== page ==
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Reply #154: Landmark Supreme Court Decisions [View All]

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Brewman_Jax Donating Member (1000+ posts) Send PM | Profile | Ignore Wed Sep-17-08 12:19 PM
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154. Landmark Supreme Court Decisions
Dred Scott vs. Sanford (1857) - Supreme Court holds that Congress cannot prohibit slavery in the territories, that black people are not citizens, and residence in a free state does not confer freedom on them. The decision hastens start of the Civil War by sweeping aside legal barriers to expanding slavery and inciting anger in the North.

Civil Rights Cases (1883) - Declaring the Civil Rights Act of 1875 unconstitutional, the Supreme Court strikes it down. The court said social rights beyond federal control, but black people cannot be excluded from juries. Congress introduced the statute in 1870 and it became law on March 1, 1875. It held that all persons, regardless of race, color, or previous condition, were entitled to full and equal employment or accommodation in inns, public conveyances on land or water, theaters and other places of public amusement.

Plessy vs. Ferguson (1896) - Supreme Court decides that if segregated railroad cars offer equal accommodations then such segregation is not discriminatory and does not deprive black people of 14th Amendment rights to equal protection. The separate but equal doctrine is not struck down until 1954 in Brown vs. Board of Education of Topeka.

Guinn vs. United States (1915) - Supreme Court rules that the grandfather clause that disenfranchised most black Americans is unconstitutional. The clause adopted by Oklahoma and Maryland exempted citizens from certain voter qualifications if their grandparents had voted; obviously, this did not apply to those whose grandparents lived before the 15th Amendment ratified.

Hansberry vs. Lee (1940) - Supreme Court rules that black citizens cannot be prevented from buying homes in white neighborhoods.

Brown vs. Board of Education of Topeka (1954) - Supreme Court unanimously overturns Plessey vs. Ferguson and declares that segregated public schools violate the 14th Amendments equal protection clause.

Gomillion vs. Lightfoot (1960) - Supreme Court rules that drawing of election districts so blacks constitute a minority in all districts violates the 15th Amendment.

Griggs vs. Duke Power Co. (1971) - Supreme Court makes its first ruling on the job-bias provisions of Civil Rights Act of 1964, declaring objective criteria, unrelated to job skills, for hiring workers are discriminatory if minorities end up disadvantaged.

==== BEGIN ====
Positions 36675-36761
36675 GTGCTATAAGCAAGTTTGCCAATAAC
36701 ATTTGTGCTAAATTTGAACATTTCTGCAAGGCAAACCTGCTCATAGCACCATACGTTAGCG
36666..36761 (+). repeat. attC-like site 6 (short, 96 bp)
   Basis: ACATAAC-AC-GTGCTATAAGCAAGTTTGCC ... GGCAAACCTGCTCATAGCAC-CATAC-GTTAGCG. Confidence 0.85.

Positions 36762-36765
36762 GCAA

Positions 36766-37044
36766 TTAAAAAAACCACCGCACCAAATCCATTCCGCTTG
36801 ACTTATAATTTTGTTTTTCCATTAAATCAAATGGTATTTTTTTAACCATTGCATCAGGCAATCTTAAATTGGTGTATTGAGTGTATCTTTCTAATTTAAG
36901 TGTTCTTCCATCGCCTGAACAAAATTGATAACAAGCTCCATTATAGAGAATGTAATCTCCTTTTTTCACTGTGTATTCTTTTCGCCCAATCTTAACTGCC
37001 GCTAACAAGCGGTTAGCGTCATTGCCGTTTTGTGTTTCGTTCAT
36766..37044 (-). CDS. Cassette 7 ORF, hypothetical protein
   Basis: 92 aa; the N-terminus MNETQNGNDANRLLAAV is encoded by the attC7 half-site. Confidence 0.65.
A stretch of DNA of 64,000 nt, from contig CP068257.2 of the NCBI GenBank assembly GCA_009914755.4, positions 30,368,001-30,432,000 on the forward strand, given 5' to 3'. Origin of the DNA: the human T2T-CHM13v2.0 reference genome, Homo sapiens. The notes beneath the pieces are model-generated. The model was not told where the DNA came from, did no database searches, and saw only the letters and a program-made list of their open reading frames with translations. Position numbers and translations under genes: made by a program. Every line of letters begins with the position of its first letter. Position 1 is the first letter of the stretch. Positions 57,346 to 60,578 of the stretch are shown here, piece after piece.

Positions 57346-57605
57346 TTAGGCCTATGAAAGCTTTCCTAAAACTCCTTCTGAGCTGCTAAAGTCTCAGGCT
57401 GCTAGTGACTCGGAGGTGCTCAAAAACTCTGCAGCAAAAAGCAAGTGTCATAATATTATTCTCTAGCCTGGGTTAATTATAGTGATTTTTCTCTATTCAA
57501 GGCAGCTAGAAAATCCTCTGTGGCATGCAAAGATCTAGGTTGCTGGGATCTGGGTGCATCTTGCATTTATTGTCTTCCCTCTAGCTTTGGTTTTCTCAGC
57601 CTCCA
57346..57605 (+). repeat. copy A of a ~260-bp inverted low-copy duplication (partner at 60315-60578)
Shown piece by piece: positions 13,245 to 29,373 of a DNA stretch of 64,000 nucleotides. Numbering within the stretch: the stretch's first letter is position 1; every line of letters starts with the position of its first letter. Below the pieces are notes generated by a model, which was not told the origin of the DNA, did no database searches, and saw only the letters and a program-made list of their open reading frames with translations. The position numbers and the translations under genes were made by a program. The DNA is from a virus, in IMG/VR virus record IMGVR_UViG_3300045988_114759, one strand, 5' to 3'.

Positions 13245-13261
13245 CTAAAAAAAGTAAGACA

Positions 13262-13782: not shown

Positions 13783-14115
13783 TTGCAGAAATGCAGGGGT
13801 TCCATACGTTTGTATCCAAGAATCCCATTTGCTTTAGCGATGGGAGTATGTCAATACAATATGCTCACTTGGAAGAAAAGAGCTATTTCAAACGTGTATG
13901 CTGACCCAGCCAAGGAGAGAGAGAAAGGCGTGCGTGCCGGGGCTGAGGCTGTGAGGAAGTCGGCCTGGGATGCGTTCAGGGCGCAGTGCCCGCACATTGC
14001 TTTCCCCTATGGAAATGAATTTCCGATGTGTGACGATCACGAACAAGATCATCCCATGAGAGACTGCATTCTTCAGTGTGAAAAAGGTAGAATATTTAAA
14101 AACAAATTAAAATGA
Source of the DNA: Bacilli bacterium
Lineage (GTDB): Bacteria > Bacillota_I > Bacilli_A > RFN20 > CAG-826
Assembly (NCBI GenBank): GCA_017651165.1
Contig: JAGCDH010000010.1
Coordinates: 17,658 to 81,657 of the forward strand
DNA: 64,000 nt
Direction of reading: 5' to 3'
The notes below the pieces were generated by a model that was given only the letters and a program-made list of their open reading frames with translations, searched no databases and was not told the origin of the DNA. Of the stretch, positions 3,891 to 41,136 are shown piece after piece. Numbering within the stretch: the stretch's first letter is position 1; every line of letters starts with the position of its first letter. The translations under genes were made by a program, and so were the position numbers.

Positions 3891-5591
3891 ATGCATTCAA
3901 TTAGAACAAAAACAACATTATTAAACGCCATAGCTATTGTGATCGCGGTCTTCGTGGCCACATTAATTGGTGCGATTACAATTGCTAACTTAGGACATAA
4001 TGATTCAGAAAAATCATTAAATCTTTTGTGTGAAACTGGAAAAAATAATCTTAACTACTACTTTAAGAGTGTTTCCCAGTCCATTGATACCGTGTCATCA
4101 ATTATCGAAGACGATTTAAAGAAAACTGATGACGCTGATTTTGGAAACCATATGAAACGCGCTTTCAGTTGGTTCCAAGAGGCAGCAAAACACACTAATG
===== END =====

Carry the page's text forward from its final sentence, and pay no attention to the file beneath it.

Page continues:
Swann vs. Charlotte-Mecklenburg Board of Education (1971) - Supreme Court upholds school busing for the purpose of ensuring racial balance in areas where segregation has been official policy and school authorities have not come up with a viable alternative to busing.

University of California Regents vs. Bakke (1978) - Supreme Court rules that the University of California Medical School at Davis must admit white applicant Allan Bakke, who argued that the schools minority admissions program made him a victim of reverse discrimination.

City of Richmond vs. J.A. Croson (1989) - Supreme Court declares illegal a Richmond, Va., set-aside program mandating that 30 percent of the citys public works funds go to minority-owned firms. Such programs only legal if they redress identified discrimination.

Busing Cases (1991-92) - Supreme Court issues Oklahoma and Georgia rulings, saying school systems don't have to bus students to overcome school segregation caused by segregated housing patterns.

Cappachione vs. Charlotte-Mecklenburg schools et al. (1999) - Federal District Court Judge Robert Potter bars Charlotte-Mecklenburg school system from using race to assign students to schools, effectively ending court-ordered busing mandated in landmark Swann vs. Charlotte-Mecklenburg Board of Education case in 1971.

Tuttle vs. Arlington County (Va.) school board (1999) - Supreme Court rules the board cannot use a weighted admission lottery to promote racial and ethnic diversity.

Eisenberg vs. Montgomery County (Md.) Public Schools (1999) - Supreme Court rules that the school board could not deny a students request to transfer to a magnet school because of his/her race.
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